How Many Reviews Do You Need?

You know you need to get online reviews for your business, but just exactly how many do you need to reach new customers? We've got the answers for you.

Some people love cilantro, others think it tastes like soap. Yankees or Red Sox? Talk about strong opinions. And if you ask 10 people about the best TV show on right now, you'll probably get at least five different answers.

People have wildly different opinions about a lot of things, so when you're looking for guidance on where to shop and who to hire, it can be hard to make a choice with confidence unless you can get some sense of a consensus: this business is basically good and trustworthy, that business is not.

That's where online reviews come in. They give us the chance to learn about a lot of different people's experiences with a business. If the overall consensus is good, that can be the deciding factor in determining whether you'll use that business.

As a business owner, you can use that to your advantage... assuming you put the effort into making sure that your customers are having a good experience.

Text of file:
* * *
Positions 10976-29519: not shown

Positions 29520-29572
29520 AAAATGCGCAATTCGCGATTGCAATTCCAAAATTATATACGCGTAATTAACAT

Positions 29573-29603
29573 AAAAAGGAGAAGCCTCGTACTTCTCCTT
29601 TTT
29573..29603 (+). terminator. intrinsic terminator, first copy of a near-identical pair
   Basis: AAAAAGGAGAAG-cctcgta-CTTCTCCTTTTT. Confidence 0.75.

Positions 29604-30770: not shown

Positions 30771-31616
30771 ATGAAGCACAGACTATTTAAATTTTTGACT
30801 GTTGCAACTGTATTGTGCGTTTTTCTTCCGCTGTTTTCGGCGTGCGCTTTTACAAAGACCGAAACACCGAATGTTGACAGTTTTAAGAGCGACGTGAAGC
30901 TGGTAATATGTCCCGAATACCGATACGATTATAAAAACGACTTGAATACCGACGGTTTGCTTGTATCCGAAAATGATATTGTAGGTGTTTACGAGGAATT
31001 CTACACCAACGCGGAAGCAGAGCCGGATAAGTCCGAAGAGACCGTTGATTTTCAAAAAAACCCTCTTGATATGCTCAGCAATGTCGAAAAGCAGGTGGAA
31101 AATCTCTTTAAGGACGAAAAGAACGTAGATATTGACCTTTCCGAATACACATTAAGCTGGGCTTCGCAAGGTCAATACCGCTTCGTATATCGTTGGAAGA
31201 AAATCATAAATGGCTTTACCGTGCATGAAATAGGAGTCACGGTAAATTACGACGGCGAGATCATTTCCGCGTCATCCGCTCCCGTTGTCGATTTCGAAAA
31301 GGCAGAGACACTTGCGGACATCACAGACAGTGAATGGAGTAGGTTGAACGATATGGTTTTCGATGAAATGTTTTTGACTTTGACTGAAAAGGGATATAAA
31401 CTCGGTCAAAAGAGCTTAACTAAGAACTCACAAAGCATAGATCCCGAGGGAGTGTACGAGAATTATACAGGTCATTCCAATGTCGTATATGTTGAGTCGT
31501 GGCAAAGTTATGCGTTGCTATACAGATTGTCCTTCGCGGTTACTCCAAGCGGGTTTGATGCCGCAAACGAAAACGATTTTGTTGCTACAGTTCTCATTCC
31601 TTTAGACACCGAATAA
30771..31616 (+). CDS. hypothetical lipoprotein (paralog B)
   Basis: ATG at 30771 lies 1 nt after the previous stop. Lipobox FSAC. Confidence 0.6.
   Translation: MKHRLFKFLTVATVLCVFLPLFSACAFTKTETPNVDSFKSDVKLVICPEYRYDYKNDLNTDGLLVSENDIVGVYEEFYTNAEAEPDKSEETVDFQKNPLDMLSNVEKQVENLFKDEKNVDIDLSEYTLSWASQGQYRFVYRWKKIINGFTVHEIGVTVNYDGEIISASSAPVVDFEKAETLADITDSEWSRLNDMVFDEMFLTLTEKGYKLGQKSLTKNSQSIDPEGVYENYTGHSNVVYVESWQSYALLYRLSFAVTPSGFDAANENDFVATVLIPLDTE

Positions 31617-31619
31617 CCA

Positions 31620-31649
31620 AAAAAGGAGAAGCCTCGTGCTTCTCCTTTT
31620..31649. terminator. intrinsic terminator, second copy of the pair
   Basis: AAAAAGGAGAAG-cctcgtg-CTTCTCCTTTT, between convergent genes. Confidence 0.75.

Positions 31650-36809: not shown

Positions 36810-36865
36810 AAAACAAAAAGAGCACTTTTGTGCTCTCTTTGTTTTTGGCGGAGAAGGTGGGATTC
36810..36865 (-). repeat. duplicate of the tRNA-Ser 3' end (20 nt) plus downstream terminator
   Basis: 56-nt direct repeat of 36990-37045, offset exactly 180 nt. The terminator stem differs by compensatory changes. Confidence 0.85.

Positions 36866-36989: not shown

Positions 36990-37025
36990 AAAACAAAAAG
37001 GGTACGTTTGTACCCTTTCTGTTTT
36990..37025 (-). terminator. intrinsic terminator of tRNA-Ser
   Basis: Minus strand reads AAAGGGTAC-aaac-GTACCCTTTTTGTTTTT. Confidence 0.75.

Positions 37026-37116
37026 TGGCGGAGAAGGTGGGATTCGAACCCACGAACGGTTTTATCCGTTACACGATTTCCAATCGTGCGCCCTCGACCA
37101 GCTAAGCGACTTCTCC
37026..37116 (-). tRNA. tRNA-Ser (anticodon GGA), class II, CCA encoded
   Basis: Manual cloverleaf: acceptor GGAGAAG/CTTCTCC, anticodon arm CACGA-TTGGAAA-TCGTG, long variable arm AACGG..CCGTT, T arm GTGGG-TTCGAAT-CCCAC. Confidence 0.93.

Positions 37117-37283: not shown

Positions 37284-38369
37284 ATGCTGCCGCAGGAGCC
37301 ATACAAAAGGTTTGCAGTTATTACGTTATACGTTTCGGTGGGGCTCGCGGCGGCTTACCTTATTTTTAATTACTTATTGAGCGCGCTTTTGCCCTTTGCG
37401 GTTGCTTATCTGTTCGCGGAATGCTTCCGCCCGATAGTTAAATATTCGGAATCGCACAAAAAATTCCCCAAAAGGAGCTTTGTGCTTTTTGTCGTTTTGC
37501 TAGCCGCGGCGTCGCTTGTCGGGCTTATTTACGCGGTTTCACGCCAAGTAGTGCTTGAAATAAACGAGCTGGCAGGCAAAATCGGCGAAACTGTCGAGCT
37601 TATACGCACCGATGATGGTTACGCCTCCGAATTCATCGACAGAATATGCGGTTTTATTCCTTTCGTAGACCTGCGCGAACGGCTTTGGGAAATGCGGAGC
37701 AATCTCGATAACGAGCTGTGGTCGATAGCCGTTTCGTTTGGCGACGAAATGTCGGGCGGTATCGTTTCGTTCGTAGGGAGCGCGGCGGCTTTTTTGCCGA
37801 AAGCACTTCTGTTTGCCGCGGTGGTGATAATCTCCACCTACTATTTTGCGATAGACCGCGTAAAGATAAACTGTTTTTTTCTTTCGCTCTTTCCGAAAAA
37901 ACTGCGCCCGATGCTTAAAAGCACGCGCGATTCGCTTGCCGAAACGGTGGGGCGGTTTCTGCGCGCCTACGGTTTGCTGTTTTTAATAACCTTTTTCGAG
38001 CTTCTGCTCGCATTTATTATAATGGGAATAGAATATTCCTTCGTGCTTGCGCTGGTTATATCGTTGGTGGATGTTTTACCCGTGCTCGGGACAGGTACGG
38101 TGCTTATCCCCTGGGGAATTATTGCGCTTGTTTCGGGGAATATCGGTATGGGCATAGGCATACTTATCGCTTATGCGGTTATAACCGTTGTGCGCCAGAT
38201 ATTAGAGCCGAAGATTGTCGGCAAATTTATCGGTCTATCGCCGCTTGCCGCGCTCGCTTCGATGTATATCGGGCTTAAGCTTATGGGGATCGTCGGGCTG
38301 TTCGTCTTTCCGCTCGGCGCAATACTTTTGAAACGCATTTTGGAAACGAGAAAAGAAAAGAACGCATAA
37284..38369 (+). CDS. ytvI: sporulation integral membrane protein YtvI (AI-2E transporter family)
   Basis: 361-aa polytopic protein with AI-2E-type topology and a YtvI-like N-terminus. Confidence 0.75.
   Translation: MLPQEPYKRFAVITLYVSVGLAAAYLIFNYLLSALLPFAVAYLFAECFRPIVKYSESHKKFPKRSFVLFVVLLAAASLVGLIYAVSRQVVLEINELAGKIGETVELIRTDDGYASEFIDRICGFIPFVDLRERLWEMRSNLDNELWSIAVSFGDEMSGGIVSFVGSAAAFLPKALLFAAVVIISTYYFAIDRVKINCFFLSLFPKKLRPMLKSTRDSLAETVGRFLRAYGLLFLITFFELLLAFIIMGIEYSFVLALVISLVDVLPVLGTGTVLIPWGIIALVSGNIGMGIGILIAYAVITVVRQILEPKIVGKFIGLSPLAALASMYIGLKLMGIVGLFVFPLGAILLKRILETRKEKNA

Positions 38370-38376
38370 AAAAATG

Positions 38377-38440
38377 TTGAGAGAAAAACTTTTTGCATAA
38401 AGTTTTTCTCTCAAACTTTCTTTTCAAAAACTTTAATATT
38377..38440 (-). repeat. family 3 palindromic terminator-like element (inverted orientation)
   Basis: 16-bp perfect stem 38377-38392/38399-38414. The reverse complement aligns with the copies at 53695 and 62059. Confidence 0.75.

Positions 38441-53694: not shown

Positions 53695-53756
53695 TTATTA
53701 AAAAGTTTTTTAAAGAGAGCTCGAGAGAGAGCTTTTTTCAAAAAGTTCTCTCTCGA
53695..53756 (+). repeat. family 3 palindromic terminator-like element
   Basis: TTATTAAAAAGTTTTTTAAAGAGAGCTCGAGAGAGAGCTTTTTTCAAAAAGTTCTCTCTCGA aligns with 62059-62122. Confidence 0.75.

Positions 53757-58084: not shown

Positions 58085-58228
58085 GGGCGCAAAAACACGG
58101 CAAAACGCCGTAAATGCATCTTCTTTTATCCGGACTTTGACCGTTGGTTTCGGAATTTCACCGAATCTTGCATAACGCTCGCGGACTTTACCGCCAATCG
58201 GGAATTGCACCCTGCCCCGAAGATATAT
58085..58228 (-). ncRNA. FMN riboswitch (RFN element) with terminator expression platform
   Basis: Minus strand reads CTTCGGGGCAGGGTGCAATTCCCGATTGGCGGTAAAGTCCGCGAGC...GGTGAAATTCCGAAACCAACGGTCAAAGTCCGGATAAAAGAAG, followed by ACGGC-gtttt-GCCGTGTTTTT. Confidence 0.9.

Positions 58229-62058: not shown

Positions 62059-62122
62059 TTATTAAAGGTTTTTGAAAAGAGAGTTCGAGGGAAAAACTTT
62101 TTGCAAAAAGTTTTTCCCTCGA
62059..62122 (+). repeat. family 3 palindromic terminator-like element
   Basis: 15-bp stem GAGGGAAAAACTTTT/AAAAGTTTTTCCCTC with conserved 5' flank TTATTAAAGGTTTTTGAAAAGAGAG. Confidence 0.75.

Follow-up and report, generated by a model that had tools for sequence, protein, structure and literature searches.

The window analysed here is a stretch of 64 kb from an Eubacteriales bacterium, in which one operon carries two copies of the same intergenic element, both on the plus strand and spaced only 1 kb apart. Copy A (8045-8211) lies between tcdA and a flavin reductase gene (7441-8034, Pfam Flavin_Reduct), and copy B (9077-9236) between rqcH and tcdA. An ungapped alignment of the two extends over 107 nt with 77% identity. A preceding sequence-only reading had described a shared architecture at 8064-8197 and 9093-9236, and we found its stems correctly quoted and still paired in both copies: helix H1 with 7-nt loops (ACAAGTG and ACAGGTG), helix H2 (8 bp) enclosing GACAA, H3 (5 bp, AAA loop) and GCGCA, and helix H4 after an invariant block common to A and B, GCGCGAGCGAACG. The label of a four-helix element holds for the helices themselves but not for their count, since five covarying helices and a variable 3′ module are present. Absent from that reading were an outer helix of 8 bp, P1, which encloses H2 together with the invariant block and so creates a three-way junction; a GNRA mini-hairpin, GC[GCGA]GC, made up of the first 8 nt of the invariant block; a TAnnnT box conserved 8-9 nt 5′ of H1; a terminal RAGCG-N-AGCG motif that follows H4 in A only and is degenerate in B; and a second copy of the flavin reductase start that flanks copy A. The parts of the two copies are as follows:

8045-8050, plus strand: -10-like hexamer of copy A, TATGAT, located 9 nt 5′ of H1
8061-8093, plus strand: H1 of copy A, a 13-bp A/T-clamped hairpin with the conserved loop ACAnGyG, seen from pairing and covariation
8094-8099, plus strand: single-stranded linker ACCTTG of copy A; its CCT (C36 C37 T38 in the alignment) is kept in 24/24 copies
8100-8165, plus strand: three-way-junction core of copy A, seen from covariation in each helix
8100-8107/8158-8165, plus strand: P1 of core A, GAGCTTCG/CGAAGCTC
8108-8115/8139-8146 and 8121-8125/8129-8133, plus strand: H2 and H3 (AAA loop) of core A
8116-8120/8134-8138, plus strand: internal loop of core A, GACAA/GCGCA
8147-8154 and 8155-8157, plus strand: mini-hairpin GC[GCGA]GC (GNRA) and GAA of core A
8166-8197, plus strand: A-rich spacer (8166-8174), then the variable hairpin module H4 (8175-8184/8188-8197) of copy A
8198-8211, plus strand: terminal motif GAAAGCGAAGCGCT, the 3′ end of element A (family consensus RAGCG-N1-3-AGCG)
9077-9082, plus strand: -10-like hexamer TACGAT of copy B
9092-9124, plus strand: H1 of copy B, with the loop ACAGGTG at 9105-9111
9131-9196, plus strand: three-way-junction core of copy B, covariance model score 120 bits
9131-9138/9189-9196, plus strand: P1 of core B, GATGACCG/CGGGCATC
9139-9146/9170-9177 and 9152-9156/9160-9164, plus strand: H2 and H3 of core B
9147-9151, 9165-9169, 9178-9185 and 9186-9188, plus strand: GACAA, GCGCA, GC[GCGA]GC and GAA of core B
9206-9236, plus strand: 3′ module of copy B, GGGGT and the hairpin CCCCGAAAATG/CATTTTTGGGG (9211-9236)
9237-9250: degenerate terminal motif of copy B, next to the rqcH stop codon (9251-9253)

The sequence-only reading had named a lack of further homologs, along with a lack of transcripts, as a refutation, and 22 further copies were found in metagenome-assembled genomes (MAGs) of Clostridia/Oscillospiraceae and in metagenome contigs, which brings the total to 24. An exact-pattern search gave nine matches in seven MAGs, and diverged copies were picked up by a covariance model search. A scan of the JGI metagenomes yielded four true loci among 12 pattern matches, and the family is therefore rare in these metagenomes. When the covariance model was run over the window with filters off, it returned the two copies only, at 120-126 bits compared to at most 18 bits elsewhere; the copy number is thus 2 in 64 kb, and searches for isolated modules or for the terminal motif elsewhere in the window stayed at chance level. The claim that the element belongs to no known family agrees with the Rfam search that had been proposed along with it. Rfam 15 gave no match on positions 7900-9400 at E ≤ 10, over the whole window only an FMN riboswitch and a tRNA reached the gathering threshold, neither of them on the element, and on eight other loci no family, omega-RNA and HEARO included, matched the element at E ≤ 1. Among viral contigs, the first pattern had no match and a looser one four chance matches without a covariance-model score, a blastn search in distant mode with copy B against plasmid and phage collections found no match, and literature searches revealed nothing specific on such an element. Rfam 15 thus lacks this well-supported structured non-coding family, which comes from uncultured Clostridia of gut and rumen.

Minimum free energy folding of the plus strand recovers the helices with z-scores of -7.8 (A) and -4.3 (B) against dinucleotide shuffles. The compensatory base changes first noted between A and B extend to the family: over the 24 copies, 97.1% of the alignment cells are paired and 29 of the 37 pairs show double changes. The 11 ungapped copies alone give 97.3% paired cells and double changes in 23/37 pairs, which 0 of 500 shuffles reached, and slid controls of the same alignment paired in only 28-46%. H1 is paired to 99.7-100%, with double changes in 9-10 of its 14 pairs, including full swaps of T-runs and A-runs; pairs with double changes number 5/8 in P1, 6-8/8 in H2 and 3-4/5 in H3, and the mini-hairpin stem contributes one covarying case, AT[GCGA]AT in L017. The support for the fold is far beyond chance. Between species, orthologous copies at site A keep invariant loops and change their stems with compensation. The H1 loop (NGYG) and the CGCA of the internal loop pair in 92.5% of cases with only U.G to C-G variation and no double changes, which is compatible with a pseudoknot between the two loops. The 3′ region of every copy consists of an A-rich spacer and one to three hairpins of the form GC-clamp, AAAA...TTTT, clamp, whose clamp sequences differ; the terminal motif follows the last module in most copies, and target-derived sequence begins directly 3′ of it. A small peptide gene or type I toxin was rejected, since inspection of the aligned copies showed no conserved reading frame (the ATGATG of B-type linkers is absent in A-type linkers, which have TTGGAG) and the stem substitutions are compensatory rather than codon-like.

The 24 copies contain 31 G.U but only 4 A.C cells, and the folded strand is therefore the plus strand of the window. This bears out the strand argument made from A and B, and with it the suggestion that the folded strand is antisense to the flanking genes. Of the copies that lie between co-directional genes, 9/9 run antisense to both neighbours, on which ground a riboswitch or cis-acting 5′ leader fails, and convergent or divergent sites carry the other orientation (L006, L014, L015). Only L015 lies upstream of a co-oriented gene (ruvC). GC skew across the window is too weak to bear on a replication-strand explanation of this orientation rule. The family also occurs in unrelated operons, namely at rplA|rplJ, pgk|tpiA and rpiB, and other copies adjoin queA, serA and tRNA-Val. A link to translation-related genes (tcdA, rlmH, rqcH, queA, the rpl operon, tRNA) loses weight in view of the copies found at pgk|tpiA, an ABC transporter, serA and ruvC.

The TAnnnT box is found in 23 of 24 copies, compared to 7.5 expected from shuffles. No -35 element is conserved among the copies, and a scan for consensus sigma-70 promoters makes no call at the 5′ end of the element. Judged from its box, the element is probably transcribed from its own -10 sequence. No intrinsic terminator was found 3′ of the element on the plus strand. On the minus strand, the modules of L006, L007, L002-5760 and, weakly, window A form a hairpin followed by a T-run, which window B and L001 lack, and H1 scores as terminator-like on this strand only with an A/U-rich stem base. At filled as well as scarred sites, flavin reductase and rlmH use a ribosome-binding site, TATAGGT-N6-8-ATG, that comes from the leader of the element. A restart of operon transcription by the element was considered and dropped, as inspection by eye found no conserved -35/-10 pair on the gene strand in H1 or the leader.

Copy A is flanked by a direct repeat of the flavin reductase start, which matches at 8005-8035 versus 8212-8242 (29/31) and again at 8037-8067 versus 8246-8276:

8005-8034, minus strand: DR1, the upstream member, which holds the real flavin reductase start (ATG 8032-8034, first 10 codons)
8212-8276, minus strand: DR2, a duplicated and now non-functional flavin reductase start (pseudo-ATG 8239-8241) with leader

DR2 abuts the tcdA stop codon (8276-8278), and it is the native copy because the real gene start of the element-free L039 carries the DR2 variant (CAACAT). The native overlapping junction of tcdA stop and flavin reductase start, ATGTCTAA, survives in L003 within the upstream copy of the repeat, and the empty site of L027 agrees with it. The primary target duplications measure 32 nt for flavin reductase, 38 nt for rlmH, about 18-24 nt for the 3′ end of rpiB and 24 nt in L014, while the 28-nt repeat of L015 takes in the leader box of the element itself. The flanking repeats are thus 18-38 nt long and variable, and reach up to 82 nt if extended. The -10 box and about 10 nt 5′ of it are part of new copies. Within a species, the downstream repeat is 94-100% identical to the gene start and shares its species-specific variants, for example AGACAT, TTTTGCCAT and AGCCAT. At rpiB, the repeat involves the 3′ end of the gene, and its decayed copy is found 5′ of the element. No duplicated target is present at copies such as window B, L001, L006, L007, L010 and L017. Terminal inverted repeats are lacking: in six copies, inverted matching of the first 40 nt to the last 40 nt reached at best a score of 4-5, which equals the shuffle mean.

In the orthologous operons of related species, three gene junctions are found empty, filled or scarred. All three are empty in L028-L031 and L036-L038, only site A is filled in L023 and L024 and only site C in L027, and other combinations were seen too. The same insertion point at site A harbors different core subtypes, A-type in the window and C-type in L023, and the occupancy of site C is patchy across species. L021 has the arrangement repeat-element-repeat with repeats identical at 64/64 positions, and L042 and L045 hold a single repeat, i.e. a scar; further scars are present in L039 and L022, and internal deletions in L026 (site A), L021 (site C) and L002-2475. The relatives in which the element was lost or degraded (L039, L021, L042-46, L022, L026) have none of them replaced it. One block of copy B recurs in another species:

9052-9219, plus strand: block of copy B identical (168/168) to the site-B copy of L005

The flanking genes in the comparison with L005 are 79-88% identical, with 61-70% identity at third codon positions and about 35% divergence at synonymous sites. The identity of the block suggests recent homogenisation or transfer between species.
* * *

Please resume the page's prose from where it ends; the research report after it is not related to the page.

You deserve good reviews, but how can you make sure that you're actually getting them?

And how many reviews do you need to convince prospective customers that you're worth using?

Numbers to Know

Let's start with good news: You probably don't need as many online reviews as you think.

Research shows that most people read just a handful of reviews before deciding whether or not they can trust a business. In fact, 90 percent of consumers read 10 or fewer reviews before making this determination, according to a recent survey. Furthermore, 68 percent read between only one and six reviews before deciding.

Another thing worth noting? Consumers are actually reading fewer overall reviews now than in past years. It seems they've realized that they can get an accurate picture of a business by reading 10 or fewer reviews, and that it's not necessary to read dozens of reviews of a business before using it.

Written in the Stars

So if you can get customers to write 10 reviews on each of the review sites that you're on (like Yelp, GoogleFacebook and niche industry sites), you're good to go, right?

Well, not exactly. The number of reviews that you have doesn't tell the whole story.

Research shows that consumers care about two other factors: the recency of your reviews, and your overall star rating.

First, "recency". Nearly three quarters of consumers think reviews older than three months are irrelevant, according to the above mentioned survey. In fact, 23 percent of consumers say that in order for reviews to impact their buying decisions, those reviews should be no more than two weeks old.

Second, "stars". Your overall star rating is the single most important factor that consumers consider when reading online reviews, but you don't have to have a perfect five-star rating to earn their business. Most consumers will use a business that has a minimum overall rating of three stars. Only 14 percent of people will use a business with a one- or two-star rating.